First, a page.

When people from rival band clubs in towns and villages in Malta fought in brawls far uglier than anything we saw this week in Ħamrun, when glass bottles were thrown as missiles, and fireworks were used as improvised bombs, when alcohol flowed all morning and people were hospitalised all night, the problem was not overcome by banishing festa enthusiasts into exile. The solution was dialogue with the police in a language and a culture the festa enthusiasts could understand. Police officers who were themselves festa enthusiasts. They built confidence and mutual trust with the communities they engaged.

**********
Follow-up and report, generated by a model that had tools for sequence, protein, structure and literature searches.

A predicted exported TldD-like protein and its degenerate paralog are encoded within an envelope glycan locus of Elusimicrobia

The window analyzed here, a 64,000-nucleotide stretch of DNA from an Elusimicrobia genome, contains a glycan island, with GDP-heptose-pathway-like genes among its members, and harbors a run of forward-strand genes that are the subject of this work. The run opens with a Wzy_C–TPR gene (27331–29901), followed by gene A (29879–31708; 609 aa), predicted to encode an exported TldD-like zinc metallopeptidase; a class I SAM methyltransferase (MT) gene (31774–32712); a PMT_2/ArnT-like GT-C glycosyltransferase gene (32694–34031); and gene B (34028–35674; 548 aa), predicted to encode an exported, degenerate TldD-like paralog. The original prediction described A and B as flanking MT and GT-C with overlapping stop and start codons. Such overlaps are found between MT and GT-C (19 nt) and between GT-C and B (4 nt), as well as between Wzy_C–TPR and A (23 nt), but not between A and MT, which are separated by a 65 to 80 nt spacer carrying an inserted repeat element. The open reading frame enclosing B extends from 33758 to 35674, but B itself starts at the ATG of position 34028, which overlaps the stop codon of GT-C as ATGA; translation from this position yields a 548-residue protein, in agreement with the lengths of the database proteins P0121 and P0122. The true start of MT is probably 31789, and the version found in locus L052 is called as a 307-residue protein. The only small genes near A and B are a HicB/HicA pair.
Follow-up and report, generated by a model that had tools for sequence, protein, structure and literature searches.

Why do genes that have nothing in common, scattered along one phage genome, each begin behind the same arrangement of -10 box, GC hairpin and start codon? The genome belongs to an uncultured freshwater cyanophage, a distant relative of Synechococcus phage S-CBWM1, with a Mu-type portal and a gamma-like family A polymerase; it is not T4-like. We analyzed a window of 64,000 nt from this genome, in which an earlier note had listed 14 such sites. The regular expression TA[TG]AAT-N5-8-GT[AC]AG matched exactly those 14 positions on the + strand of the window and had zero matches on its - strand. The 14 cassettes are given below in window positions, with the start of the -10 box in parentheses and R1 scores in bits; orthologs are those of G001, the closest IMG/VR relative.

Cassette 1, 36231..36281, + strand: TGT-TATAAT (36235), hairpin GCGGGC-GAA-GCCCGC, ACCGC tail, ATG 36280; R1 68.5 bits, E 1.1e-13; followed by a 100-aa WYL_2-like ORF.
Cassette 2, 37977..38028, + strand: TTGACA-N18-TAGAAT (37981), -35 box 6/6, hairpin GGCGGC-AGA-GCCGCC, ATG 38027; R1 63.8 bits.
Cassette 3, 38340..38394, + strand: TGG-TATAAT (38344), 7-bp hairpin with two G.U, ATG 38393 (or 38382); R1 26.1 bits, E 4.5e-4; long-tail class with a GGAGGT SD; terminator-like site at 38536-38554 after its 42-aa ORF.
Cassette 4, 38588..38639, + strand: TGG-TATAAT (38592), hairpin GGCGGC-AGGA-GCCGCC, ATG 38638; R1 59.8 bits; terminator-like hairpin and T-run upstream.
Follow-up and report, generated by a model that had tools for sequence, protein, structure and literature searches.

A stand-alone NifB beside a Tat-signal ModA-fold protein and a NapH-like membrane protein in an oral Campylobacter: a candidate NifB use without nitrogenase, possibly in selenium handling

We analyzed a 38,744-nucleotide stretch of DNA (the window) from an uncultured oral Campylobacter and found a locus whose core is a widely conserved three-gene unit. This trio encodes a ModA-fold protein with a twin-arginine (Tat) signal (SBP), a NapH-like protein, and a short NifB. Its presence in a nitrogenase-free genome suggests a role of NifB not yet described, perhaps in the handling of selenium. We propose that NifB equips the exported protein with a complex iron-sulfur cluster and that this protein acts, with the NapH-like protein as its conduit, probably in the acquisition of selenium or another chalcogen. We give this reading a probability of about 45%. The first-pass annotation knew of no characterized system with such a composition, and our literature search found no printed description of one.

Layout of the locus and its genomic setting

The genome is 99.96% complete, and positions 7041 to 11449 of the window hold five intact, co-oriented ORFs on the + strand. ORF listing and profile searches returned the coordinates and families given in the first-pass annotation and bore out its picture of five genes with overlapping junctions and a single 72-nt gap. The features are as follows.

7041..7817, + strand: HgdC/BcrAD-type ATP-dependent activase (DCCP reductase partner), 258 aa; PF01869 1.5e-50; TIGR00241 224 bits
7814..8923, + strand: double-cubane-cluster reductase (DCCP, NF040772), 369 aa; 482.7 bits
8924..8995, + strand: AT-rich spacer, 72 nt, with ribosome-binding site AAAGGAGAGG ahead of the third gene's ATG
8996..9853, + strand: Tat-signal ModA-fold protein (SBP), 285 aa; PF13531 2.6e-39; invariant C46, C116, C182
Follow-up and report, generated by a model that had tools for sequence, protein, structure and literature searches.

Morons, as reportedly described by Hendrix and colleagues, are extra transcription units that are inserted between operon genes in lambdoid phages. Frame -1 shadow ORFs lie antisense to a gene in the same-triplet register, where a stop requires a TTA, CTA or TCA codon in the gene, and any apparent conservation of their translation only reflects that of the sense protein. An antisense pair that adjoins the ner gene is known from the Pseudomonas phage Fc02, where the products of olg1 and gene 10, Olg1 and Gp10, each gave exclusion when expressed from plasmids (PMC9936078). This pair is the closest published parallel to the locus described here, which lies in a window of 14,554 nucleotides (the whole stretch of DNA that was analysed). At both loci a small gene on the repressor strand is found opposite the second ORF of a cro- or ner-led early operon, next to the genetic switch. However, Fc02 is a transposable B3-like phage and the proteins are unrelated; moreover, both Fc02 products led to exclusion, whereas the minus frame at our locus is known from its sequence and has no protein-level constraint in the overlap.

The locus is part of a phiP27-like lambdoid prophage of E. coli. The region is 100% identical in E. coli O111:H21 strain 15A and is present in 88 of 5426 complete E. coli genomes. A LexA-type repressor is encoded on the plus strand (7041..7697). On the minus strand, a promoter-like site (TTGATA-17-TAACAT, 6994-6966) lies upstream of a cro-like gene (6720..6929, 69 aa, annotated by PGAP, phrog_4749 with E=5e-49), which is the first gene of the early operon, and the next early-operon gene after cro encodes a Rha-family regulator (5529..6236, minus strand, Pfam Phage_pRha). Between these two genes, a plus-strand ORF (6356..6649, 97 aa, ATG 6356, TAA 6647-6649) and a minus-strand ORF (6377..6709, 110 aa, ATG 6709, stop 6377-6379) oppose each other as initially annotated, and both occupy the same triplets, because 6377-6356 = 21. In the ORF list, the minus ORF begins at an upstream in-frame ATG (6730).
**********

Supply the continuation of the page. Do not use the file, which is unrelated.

Rules of engagement, unwritten but no less effective, were drawn up out of conversations between rivals who focused on their shared interests rather than the causes of their stupid turf wars.

That too is community policing. It is community leadership. It is community engagement.  Which, I grant you and Joe Giglio, the police is ill equipped to do.

Rolling in the tanks is too easy. And it won’t work.